Occasionally, you may need to roll two d10s to emulate a d100 roll. Unless you are the DM or are playing a Wild Magic sorcerer, this event will be extremely rare.

Class Features

Bardic Inspiration

Bards can distribute up to 5 bardic inspiration dice to their allies. These dice are d6s, but they upgrade a die size (d8s, d10s, then finally d12s) every five levels.

Superiority Dice

Battlemaster Fighters have special abilities that add a die to something (usually an attack or damage roll). At first you need four d8s, but at the number and size of the dice increase as you level (capping out at six d12s).

Divine Smite

Paladins can expend a spell slot to deal additional damage on a melee weapon attack. Like many spells, the damage equals a number of d8s equal to the spell level plus one. It deals an additional d8 of damage to undead and fiends.

Colossus Slayer

Hunter Rangers can take this option to deal an additional d8 of damage to already-injured targets.

Sneak Attack

Rogues will often deal additional damage equal to half their level in d6s (rounded up).

Wild Magic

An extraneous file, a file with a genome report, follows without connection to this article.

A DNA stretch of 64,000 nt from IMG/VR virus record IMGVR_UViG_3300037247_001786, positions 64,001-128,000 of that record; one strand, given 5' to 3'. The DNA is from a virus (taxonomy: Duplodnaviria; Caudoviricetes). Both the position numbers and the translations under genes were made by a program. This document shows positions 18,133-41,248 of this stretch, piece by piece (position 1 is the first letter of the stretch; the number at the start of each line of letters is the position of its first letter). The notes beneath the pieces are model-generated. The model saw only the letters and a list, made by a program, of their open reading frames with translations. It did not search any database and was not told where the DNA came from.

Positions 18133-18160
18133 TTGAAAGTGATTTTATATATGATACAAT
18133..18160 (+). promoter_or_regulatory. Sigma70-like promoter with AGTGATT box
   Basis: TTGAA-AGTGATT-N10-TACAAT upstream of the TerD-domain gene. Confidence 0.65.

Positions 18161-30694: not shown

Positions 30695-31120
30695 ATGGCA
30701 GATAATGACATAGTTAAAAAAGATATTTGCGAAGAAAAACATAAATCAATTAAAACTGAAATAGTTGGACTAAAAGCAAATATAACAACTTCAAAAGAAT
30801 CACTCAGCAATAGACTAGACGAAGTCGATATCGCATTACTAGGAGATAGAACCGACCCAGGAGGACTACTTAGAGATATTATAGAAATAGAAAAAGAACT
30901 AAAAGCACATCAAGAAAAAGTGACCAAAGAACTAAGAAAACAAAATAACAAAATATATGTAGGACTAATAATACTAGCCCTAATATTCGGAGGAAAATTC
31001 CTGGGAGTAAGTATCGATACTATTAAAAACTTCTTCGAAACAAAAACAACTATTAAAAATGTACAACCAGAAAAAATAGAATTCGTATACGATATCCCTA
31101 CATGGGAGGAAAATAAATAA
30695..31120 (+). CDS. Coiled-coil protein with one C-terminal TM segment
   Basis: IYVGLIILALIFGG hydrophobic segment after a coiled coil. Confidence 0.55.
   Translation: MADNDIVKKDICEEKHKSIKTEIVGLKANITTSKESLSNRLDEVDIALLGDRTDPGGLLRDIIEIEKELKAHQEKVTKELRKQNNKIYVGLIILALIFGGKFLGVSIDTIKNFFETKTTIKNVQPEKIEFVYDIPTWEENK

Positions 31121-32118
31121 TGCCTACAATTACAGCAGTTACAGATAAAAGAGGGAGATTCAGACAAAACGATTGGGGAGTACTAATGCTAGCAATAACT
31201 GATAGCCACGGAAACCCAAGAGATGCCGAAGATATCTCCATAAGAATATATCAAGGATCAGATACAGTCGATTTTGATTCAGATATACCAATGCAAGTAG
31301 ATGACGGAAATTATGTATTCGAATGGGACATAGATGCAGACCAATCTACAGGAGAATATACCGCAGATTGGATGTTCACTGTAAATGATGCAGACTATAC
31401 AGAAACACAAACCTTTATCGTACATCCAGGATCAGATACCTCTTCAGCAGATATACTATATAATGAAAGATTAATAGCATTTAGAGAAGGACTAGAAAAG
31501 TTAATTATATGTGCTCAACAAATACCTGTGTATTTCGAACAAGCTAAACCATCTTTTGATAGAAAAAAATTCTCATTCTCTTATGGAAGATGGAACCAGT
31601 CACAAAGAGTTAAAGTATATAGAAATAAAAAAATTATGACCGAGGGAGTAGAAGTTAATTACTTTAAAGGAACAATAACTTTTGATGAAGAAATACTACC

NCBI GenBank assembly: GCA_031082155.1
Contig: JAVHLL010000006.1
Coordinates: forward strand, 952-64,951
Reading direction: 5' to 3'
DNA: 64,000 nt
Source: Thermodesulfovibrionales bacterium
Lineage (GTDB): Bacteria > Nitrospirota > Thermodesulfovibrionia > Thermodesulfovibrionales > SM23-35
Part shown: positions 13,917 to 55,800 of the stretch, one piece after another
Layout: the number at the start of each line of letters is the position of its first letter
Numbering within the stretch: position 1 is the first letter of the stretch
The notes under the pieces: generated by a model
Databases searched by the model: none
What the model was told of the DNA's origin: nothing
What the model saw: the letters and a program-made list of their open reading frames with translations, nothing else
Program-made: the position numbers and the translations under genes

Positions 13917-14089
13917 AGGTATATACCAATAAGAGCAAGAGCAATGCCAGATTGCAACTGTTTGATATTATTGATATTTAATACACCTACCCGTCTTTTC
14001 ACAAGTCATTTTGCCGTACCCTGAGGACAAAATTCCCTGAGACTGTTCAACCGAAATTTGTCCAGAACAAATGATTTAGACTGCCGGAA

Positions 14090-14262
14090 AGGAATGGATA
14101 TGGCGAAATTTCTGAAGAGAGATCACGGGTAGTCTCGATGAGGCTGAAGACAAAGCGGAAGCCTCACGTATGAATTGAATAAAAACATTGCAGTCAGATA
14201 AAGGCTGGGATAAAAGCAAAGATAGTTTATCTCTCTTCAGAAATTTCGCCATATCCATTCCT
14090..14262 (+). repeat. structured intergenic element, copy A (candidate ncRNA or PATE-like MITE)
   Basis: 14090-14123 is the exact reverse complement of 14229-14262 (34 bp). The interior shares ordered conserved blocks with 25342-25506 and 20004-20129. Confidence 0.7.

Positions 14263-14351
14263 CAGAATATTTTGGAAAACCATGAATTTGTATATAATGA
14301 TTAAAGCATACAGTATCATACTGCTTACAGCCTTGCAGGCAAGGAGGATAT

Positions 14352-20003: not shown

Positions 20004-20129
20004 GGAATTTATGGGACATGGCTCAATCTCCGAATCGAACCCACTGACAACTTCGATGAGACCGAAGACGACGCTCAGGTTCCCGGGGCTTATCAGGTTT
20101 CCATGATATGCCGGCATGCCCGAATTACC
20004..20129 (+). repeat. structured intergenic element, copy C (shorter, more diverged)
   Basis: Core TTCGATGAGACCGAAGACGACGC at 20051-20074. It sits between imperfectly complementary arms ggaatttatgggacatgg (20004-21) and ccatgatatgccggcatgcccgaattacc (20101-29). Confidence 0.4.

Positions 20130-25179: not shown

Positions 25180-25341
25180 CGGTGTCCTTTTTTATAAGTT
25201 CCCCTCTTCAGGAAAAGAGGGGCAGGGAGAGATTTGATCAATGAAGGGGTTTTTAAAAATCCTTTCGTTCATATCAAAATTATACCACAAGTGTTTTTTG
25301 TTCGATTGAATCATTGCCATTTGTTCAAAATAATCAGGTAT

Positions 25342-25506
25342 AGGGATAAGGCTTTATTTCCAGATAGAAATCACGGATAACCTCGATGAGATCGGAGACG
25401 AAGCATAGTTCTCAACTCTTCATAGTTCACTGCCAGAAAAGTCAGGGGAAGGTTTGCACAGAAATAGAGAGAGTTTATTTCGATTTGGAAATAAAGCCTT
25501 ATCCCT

Wild Magic Sorcerers will probably roll a d100 a few times each session to determine the additional effects of their spellcasting.

  • 3
    \$\begingroup\$ Percentile rolls seem to be such an exotic event these days that there is some debate over how to do them using 2d10: How do I read 2d10 as a percentage? We've come a long way from the original AD&D Dungeon Master's Guide, which was full of tables requiring percentile rolls (as did many other game systems of the '80s)! \$\endgroup\$ Jul 25, 2015 at 8:21

The dice I always seem to be short on are d4s. For healing potions and magic missiles, mostly.

Two d20s is essential, for rolling with advantage.

But seriously folks, there's no such thing as "too many dice" :-)

  • \$\begingroup\$ +1 for " ... there's no such thing as "too many dice" :-) \$\endgroup\$ Jul 26, 2015 at 15:43
  • 1
    \$\begingroup\$ But, there is such thing as "too many dice to easily take somewhere, in addition to the other stuff I need, and not lose track of any" \$\endgroup\$
    – Adeptus
    Sep 18, 2015 at 1:30
  • 2
    \$\begingroup\$ @Adeptus sure, but that amount is usually best measured in kilograms.. not dice. \$\endgroup\$
    – Leliel
    Jun 10, 2019 at 4:59


You should bring extra dice to any roleplaying event. In large numbers.

There are many situations where you need more dice and they are for the most part independent of the actual system you are playing:

  • Maybe 5 enemies attack. All with the same stats. Roll 5 dice.
  • Maybe all 5 hit and the character needs to dodge 5 times. Roll 5 dice.
  • Maybe someone forgot their dice. Just give them half of yours.
  • Maybe you got a bonus and your grenade or fireball does double damage. Roll all the dice together.